Health reform foes spite themselves
'Repeal and replace" has become the battle cry of Sarah Palin and the bulk of Republican senators after the passage of comprehensive health-care reform. They're rousing fears, threatening those with health insurance that their costs and taxes will go up. As if everyone would keep their insurance at the same costs if there were no reform.
Think again. Health care costs went up 131 percent over the last decade; general inflation was only 28 percent. If they stay on the same trajectory, according to the Kaiser Family Foundation, they'll go up another 166 percent over the next 10 years. As the costs go up, working families lucky enough to have insurance pay higher co-pays and get less coverage.
And not surprisingly, the number of Americans without health insurance is growing at an unprecedented pace--as insurance company monopolies combine with the Great Recession to leave more and more Americans uninsured.
In 2007, the Census Bureau reported that 46 million U.S. residents went without health insurance. A study by the North Carolina Institute for Medicine shows that in January 2009, 52 million were uninsured.
What's staggering is how little political leaders seem to care. In Palin's Alaska, 20 percent of the population--140,000 people--went uninsured in 2009. Since seniors have Medicare, the single-payer system that conservatives rely on but hate, that means over one in four working people goes without health insurance. Health reform would insure those folks--unless Palin's Tea Party succeeds in repealing it.
Democratic Sens. Blanche Lincoln and Mark Pryor of Arkansas voted against the reconciliation. But like Alaska, Arkansas has 20 percent of its population--500,000--uninsured, an increase in 6 percent over 2007 and 2008 alone. Texas Sen. John Cornyn, head of the National Republican Senatorial Committee, led the assault on reform, accusing Democrats of creating a "health-care gulag." In Texas, more than 6 million residents are uninsured, a staggering 28 percent of the entire population, up 10 percent over 2007-2009.
Marco Rubio, the conservative darling running for the U.S. Senate in Florida, signed the Republican petition calling for repeal of health-care reform. In Florida, nearly 4 million people go without insurance, fully 25 percent of the population, up over 500,000 since 2007. Given that its elderly residents are covered by Medicare and its poor by Medicaid, that makes it likely that most of the working people Rubio addresses are unlikely to have health insurance.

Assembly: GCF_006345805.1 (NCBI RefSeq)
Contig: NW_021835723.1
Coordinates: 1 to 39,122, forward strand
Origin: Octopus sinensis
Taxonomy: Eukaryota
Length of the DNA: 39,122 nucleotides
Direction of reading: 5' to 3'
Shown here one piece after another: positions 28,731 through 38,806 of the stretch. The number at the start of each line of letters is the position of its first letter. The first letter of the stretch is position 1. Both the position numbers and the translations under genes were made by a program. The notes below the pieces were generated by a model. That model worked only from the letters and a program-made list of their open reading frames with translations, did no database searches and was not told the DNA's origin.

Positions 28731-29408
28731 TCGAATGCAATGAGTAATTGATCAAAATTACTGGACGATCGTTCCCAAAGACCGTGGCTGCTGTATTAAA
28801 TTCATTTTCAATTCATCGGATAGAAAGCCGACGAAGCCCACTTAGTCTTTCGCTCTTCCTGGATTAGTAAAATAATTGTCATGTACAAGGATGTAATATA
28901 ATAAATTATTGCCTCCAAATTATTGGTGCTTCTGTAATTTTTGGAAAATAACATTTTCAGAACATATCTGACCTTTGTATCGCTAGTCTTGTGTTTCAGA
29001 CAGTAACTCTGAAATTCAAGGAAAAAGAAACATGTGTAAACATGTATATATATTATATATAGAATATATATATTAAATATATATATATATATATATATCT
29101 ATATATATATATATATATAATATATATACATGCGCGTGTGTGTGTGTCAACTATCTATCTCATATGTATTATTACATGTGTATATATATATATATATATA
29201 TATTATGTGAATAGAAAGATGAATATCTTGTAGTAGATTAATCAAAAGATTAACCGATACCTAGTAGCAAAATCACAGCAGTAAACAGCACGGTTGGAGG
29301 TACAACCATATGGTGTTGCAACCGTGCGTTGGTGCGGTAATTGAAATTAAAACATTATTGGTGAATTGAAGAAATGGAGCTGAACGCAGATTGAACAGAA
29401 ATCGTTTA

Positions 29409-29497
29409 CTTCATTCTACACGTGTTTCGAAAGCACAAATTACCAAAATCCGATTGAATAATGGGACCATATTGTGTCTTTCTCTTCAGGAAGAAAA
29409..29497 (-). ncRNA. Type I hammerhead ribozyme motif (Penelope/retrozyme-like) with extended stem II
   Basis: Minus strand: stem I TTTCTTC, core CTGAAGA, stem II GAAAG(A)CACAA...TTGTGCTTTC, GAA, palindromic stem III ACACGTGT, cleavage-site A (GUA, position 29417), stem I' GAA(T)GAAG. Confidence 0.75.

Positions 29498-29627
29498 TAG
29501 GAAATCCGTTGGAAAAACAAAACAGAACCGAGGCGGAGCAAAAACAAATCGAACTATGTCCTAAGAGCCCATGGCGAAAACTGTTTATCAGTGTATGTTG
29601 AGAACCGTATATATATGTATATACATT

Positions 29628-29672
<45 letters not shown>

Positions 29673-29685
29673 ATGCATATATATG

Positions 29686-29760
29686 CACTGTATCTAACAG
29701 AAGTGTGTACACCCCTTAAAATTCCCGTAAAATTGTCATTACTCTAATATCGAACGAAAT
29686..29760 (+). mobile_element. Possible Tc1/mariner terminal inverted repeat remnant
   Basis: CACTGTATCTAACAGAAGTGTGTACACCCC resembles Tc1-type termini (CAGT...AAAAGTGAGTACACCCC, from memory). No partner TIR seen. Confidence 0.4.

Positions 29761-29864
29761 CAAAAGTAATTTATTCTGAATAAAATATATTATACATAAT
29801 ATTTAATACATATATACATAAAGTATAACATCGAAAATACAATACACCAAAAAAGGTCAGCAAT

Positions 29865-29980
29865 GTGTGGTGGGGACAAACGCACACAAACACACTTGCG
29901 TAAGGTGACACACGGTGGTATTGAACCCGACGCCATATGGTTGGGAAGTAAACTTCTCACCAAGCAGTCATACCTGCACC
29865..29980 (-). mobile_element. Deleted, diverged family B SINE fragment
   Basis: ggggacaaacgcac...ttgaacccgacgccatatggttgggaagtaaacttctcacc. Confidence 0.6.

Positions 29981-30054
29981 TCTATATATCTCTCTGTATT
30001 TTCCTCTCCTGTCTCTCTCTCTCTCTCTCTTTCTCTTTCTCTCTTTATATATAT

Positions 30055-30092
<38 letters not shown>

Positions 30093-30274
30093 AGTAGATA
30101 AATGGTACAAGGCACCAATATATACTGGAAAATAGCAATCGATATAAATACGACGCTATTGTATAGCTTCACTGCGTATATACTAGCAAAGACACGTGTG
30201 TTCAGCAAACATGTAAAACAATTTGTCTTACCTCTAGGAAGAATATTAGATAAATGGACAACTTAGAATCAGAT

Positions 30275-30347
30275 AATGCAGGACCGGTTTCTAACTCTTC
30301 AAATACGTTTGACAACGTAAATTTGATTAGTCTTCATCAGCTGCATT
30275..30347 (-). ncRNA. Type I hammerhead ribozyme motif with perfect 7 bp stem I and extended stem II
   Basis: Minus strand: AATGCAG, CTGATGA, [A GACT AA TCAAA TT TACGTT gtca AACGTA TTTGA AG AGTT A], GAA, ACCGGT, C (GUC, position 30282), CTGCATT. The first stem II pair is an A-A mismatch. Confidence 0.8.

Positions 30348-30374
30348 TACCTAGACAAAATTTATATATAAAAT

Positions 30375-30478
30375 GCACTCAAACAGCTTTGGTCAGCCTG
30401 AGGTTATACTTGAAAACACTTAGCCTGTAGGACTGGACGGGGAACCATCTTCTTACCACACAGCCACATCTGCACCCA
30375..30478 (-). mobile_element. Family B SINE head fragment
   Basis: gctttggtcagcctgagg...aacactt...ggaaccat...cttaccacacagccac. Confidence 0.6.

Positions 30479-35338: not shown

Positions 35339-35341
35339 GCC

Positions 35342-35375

Health insurance reform was passed in the face of unified Republican obstruction and entrenched insurance company and drug company opposition. The industry spent literally millions lobbying against passage, and working to weaken the bill in every conceivable way. The result is a bill that is weaker than it should be. There is no public option--a plan like Medicare that could compete with the private insurance companies and keep them honest. The obscene prohibition on Medicare from negotiating bulk prices for prescription drugs remains in place.
Palin, the Republican repealers and the Tea Party folks got this wrong. Our current system is broken. Costs are soaring; staggering numbers are added to the uninsured. We spend 50 percent more per person than other industrial nations and cover a far smaller percentage of our population.
Many of the Tea Party people are angry at a government that serves Wall Street and not Main Street. They are sensibly irate at the backroom deals that went into health care. But the answer isn't repealing the bill; the answer is to expose the money and the lobbies that stand in the way and to improve the bill by setting up a public option.
The crisis of working families is real. Wages are stagnant. Jobs are scarce. Rising health-care costs are burdening businesses and families. College costs are soaring. Those calling for repealing a reform providing affordable insurance for millions should take a look around. The elderly and the poor are covered by Medicare and Medicaid. This is a reform for working families and small businesses. They should be respected, not repealed.